ACS News Service Weekly PressPac: March 19, 2010

New smart roof reads the thermometer, saves energy in hot and cold climates

EMBARGOED FOR RELEASE: Sunday, March 21, 8 p.m., Eastern Time

Scientists today reported the development of a “smart” roof coating, made from waste cooking oil from fast food restaurants, that can “read” a thermometer. The coating automatically switches roles, reflecting or transmitting solar heat, when the outdoor temperature crosses a preset point that can be tuned to the local climate. They described the coating at the 239th National Meeting of the American Chemical Society (ACS), being held here this week. “This is one of the most innovative and practical roofing coating materials developed to date,” said Ben Wen, Ph.D., leader of the research project.

Scientists already have evidence that “white roofs” — roofs that are painted white to reflect solar heat and help cool buildings during peak summer weather — could significantly reduce global warming by lowering fuel consumption. However, white roof can have a wintertime heating penalty because they reflect solar heat that would help warm the building. So white roofs are a benefit in summer but a detriment in winter.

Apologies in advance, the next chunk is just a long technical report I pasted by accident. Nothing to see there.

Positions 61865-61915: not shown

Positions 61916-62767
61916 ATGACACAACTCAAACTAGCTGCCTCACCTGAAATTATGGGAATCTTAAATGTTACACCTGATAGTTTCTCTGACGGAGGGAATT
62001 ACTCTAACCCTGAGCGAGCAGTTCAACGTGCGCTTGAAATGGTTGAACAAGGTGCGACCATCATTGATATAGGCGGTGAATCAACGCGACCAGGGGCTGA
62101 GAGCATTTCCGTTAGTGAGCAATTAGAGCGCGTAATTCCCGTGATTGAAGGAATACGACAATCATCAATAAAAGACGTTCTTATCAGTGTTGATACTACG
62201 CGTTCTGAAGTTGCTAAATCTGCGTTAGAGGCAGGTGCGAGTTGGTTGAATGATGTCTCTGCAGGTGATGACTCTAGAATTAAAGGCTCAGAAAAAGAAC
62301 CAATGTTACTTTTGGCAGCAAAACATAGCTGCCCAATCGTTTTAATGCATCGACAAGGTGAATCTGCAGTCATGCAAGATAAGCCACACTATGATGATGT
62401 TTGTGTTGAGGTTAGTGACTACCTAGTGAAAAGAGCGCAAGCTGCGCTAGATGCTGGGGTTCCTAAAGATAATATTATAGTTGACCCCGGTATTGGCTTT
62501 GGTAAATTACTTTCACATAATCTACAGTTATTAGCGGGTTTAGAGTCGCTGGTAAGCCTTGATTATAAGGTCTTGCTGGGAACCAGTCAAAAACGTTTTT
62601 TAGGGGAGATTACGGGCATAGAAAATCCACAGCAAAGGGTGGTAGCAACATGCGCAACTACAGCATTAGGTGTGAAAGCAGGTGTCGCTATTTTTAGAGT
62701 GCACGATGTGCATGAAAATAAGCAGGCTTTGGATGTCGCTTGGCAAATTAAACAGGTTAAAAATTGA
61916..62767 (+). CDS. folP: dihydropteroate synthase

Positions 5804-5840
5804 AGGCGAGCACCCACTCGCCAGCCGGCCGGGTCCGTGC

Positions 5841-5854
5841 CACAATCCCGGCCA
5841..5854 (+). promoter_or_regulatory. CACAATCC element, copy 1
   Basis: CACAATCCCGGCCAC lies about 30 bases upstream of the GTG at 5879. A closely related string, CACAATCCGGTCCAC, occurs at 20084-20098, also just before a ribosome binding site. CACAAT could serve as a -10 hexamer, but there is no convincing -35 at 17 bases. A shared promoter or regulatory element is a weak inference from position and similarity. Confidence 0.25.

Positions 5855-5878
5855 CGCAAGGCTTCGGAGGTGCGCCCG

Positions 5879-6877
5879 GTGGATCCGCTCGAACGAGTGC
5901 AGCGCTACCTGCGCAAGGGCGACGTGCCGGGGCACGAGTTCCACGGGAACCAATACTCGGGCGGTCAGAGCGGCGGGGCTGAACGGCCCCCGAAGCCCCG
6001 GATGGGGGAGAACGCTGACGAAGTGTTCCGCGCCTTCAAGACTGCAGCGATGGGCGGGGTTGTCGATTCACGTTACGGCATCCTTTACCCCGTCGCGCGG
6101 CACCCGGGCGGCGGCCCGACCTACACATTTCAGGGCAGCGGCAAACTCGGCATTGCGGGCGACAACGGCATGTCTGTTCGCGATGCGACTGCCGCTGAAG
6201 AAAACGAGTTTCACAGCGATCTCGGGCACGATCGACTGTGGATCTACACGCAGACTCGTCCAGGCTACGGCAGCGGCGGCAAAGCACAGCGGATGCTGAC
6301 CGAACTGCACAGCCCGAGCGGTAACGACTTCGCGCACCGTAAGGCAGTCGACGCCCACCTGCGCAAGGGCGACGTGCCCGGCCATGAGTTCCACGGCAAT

The new “intelligent” coating may sidestep this quandry. Tests on coated asphalt shingles showed that it could reduce roof temperatures by about 50 – 80 percent in warm weather. In cooler weather, the coating could increase roof temperatures up to 80 percent compared with the traditional cool roof. By changing the coating’s composition, Wen and colleagues can tune the substance, so that it changes from reflective to transmitive at a specific environmental temperature.


Science Inquiries: Michael Woods, Editor, 202-872-6293
General Inquiries
: Michael Bernstein, 202-872-6042

Conventional roofing shingles (top)
and shingles with a “smart” coating
(bottom) that could save energy and
lower bills by adjusting to temperature
Credit: Ben Wen, Ph.D.
(High-resolution version) (top image)
(High-resolution version) (bottom)